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Freelance rules for language teachers

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Posted

Can anyone clarify the rules on this law. i am an freelance engish teacher and Im being told that 1/6 of my income is the most that I can earn from any 1 language school.

 

Can anyone clarify this law at all.

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Posted

Hello jahill78,

 

Scheinselbständigkeit is not so much a law than a state which is given when you work on honorary based contracts.

It affects your social insurance status which says that if you are writing fees just for one contractor (mainly 5/6 of your income) who could also employ you directly you just "seem" to work on your own behalf.

As a lot of employers in the past years tend to avoid the social contribution payments for their employees, the legislation wants to make sure, health insurances still get their money. Being on your own that way you can easily be told, you have to pay for your health insurance privately. So you better make sure, you have two or more positions to work for when on fee based level.

 

This rule is quite a little "grey zone" over here and not easy to understand. People are told to ask for the "Steuerberater" but often they don't have a clue what it's all about. I am no counsillor neither, i just give lessons as a sport teacher on fee based contracts but in the meanwhile am rather happy to work in organizations than in a gym or else, as you have to pay a third of your income in taxes as well...

 

Hope this helps a little, you can also watch into wikipedia for "Scheinselbständigkeit" which explains the main.

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Posted

For some reason, 60% sticks in my mind as the maximum percentage of income a freelancer can make from one company. The laws may have changed since I was teaching English 4 years ago, though.

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Posted

It is indeed 60% - this is current, recently received info.

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Posted

Since this issue came to light a few years ago most schools limit the hours they offer to their freelancers. It makes sense to work for more than school anyway, because then if a school fails to pay you on time you still have money coming in from another source.

 

That said, I can't see how any school knows what percentage of your income they are paying unless you choose to share with them the details of how much others are paying you.

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Posted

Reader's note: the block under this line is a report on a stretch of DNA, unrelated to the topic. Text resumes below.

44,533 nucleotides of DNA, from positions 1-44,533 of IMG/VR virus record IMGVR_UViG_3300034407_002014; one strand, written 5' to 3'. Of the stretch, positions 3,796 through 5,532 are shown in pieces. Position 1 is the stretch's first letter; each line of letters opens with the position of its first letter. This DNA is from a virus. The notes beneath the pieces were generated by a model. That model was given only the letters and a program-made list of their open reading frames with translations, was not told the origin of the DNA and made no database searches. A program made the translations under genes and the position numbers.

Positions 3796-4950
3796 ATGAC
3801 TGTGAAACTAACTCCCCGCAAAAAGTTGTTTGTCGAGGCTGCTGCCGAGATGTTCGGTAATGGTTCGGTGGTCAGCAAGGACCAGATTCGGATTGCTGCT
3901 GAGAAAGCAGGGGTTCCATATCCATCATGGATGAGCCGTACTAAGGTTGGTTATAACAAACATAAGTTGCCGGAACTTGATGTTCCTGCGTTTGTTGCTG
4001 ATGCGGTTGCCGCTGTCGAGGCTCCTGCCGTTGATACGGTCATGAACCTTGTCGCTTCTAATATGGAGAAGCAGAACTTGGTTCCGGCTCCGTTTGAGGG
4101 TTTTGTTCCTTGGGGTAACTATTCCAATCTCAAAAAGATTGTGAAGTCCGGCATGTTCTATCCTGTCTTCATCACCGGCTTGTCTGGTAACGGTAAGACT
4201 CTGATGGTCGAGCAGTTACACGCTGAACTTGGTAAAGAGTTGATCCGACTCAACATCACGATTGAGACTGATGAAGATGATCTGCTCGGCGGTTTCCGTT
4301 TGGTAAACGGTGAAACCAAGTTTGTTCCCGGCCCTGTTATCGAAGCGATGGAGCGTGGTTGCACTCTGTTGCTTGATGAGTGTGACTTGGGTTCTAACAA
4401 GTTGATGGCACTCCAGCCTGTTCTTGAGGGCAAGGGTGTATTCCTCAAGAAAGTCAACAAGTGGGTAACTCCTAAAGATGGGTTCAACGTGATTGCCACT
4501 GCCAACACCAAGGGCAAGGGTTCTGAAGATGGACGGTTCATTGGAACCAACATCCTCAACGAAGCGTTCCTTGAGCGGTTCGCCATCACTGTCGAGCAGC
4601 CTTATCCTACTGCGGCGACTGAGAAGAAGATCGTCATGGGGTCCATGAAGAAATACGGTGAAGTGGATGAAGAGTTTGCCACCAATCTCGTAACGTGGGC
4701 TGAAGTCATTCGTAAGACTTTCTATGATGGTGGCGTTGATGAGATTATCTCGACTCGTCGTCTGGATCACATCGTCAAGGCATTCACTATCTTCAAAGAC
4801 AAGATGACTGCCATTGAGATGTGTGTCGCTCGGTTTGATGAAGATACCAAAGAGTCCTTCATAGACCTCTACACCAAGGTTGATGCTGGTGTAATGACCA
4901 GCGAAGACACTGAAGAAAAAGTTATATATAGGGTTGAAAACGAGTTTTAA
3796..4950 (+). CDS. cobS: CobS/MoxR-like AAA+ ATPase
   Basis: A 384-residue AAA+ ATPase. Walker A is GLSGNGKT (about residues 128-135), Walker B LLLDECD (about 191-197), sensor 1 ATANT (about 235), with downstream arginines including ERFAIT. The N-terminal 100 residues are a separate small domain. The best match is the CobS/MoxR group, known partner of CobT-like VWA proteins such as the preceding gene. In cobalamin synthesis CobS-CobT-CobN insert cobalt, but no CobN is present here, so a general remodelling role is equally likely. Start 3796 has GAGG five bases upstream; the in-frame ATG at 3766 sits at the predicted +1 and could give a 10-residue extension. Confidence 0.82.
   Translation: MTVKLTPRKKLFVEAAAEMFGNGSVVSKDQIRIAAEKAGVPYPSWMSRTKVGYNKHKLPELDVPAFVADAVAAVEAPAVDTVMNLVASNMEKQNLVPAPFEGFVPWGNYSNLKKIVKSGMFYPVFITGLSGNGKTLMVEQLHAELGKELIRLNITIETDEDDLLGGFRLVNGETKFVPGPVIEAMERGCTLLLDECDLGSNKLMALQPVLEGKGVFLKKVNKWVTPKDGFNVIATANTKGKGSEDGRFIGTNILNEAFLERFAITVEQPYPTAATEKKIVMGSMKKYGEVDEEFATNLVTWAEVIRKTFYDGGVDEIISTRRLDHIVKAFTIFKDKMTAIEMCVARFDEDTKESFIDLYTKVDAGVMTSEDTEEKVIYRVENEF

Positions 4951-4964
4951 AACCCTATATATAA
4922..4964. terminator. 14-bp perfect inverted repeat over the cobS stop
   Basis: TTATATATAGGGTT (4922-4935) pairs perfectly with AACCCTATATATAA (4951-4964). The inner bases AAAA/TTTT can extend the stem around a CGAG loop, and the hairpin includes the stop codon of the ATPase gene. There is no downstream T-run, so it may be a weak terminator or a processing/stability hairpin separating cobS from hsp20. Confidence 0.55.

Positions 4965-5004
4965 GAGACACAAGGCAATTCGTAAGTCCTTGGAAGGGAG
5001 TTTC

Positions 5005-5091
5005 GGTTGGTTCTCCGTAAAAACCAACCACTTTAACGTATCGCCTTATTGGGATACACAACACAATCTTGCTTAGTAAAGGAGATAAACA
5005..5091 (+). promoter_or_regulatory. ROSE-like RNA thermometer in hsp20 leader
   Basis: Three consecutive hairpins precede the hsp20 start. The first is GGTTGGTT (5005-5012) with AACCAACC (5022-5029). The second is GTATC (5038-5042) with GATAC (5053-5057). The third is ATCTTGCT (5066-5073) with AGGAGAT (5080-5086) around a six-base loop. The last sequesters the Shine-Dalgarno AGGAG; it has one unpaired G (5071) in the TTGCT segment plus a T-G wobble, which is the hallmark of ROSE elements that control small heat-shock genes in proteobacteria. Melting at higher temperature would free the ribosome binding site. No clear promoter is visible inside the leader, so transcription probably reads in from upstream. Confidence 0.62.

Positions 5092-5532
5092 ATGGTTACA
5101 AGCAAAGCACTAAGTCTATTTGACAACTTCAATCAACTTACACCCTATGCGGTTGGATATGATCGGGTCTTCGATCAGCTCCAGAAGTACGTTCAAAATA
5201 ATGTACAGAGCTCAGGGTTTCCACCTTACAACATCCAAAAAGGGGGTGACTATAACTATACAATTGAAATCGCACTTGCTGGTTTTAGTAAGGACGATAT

Yes, this is what a tax consultant I know said, too, and she also claimed that it is the hiring company, not the contractor that would have problems with the tax authorities...not sure if this is true, but what I heard...

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Posted

The schools concern is that if they employ you to do as much work as a full-timer would, they may become liable to pay social insurance and take the responsibilities of an employer. That's why they restrict the hours they offer, but as I said before it makes little sense to have all your work with one agency when you are freelancing.

 

Do a search and look at the threads about freelancing and pensions. This is the area where the percentage of overall income that comes from teaching is relevant.

 

And have a look at this teachers' forum too

 

http://elt.yuku.com/belt

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Posted

Okay, so I'm sorry if I'm being a little stupid but...

 

If I'm working for a language school freelance, and they are giving me enough hours a week, with this rule I have to find work at another school as well, therefore dropping hours at the school that is already offering me good work for a chance of another school that may not?

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Posted

yes, otherwise the taxman may assess you as a disguised employee.

 

But is it 60% weekly or just 60% of annual income. You could work 7 months, then move to another one.

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Posted

 

Okay, so I'm sorry if I'm being a little stupid but...

 

If I'm working for a language school freelance, and they are giving me enough hours a week, with this rule I have to find work at another school as well, therefore dropping hours at the school that is already offering me good work for a chance of another school that may not?

 

 

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Posted

Cheers SteveV - will keep this in mind over the next few months. Good luck with your German ;)

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Posted

The scheinselbstandig rule is rarely enforced round my way and when it is, they go after the exploitative employers (such as ones paying people low wages to work in fast food outlets full-time and with no choice over working hours).

 

Loads and loads of freelancers have long periods of getting most / all income from one source - everyone from language teachers on 5k to consultants in 6 figures. Any agency I work with who asks me to sign one of these 5/6 declarations, I always ask them what their experience is of the authorities' enforcing the rules. The answer is they get absolutely no interest whatsoever. The tax authorities also know I (and my partner and lots of other freelancers) have periods of only one income - not ever been a problem. However, in a federal republic, procedures are local so what I see might not be what others see.